The 28 cards solution would have 1200 prints for 600 decks of the two blocks with common cards. And 60 prints with a double set of 28 triumph cards. One could offer 2 different Trionfi decks with 14 cards on one block for the different taste of the customers.

The 24 card solution wouldn't work for the production of two different-number decks. 24 cards were good for a system realized with the Rosenwald Tarocchi structure with Minchiate cards. 4x24 = 96.

### Re: Pratesi 2014 on Bologna 1477, cards & triumphs

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Huck wrote,
No, MUST NOT be a mistake. If there was a rule, that the number relation between triumph cards and normal cards is 1:4, then from 600 decks 120 are made as triumphs and 4x120=480 are made as normal cards. Likely triumph cards were more expensive in the selling prize (higher than 5:4 in the relation to the normal cards).
I do not understand this. The 120 or 125 applies only to ordinary decks. Where do you get 120 for triumph decks? And why do combinations of triumph decks and ordinary decks enter in? I do not follow your reasoning.

It seems to me more likely that Orioli copied the document correctly than that his paraphrase is correct. But only a trip to the archives could settle the matter. That is something Andrea is not fond of doing: you have to make an appointment for a specific time, and the traffic is unpredictable, usually more or less terrible from Faenza. It would be almost as easy to fly from Koln. Both Andrea and Franco go with 125, although neither has checked with the archives. I haven't examined the possible configurations if the number of ordinary decks is 120. They will surely be different, and I think more numerous, because 120 has more factors than 125.

On Nathaniel's point, the contract says nothing about molds/woodblocks, so I assume they didn't enter into consideration, as far as the ratio of ordinary decks to triumph decks. It is only the difference in the number of cards that is mentioned. However, the number of molds might be important as far as the overall cost. To make decks with 48 suit cards plus 22 triumphs as well as decks with 56 suit cards would seem to involve more molds than 56 and 70. If triumph decks are 4x48+22, you need 24 + 24 + 22 as well as 28 + 28 (or just an extra one for the 8 extra suit cards, perhaps repeated twice more, for another 24), so 4 or 5 molds overall). For decks of 4x14 and 5x14 you just need 2 for the suits, 28 + 28, and a 4x7 for the triumphs (two sets on one mold) so 3 molds overall.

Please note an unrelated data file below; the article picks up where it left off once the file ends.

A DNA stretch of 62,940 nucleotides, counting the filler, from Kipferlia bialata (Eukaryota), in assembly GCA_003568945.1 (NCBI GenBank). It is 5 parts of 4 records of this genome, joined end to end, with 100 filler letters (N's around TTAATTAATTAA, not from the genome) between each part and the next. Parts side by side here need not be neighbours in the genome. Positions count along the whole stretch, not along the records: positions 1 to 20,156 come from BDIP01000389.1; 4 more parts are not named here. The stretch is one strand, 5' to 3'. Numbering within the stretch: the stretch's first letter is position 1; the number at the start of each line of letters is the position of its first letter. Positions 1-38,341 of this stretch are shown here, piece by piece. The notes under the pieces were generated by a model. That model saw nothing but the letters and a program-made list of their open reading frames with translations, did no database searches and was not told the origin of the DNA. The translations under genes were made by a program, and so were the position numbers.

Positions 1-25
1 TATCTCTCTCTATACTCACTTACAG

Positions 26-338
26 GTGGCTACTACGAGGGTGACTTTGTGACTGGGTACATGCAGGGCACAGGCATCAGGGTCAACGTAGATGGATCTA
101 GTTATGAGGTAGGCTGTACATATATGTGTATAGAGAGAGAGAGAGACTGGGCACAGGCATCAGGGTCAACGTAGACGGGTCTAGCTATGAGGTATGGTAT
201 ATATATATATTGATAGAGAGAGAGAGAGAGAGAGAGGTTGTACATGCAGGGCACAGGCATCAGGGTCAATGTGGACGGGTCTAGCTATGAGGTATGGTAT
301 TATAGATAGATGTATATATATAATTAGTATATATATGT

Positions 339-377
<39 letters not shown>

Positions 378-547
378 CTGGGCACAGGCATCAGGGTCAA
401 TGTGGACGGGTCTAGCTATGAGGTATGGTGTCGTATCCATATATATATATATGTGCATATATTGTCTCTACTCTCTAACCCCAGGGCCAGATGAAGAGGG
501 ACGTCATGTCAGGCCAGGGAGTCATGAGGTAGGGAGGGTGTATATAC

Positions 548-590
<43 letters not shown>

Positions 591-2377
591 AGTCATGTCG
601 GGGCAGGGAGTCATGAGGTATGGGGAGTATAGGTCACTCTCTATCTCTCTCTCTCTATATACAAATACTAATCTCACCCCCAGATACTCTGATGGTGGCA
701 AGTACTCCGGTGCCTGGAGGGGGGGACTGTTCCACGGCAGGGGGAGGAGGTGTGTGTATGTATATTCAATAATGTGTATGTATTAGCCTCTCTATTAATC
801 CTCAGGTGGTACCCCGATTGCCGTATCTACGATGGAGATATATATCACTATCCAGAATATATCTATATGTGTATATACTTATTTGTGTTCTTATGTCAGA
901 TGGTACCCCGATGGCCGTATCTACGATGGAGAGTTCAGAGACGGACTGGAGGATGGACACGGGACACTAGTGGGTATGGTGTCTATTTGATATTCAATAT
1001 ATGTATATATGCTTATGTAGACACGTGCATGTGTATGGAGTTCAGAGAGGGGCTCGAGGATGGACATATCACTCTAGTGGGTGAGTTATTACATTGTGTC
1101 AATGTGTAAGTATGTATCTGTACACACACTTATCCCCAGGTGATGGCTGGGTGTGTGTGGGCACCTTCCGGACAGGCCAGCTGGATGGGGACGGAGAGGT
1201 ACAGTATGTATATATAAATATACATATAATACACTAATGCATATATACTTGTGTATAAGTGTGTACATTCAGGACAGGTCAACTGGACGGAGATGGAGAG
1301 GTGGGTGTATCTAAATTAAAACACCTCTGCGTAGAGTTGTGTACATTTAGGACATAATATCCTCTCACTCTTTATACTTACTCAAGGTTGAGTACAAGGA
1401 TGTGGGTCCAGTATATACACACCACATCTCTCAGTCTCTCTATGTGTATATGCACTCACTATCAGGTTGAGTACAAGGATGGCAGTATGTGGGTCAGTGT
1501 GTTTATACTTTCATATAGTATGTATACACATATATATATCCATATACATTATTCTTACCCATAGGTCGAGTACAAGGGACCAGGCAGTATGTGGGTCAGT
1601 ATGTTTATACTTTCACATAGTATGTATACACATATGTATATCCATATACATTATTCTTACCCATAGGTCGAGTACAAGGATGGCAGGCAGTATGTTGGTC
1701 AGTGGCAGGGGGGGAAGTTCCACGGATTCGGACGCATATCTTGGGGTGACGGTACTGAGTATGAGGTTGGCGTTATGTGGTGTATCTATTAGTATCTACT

I don't think you want blank spaces in a mold, because that wastes paper when the mold is used on a blank sheet.

### Re: Pratesi 2014 on Bologna 1477, cards & triumphs

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There was a 125 and from this developed a 100 in the mind of Franco cause of the idea, that there is a relation similar to 56 and 70 connected to the condition, that there should be 14 trumps.

If then in another document to the same problem a 120 is noted between 125 and 100, then you have 5 between 120 and 125 and 20 between 120 and 100, which means, that again the relation 1:4 and 4:5, now as 5:20 and 20:25, appears. That is too much for an accident, and so one should look out for a reason, which explains it.

125-120-100-0 .... 5x5x5 ... 5-25-125

Naturally there might be a humble number error, but my calculation has much more elegance.

************

From another perspective I remember, that the "dozen" = "12 decks" was important in the playing card notes of the silk dealers in Florence. 120 decks and 18 soldi makes 10 dozen decks totally and 1 dozen decks gets 1.5 soldi = 1 soldi and 6 denari.
And likely 8 dozen decks were normal cards (56 cards) and 2 dozen decks were Trionfi decks (70 cards).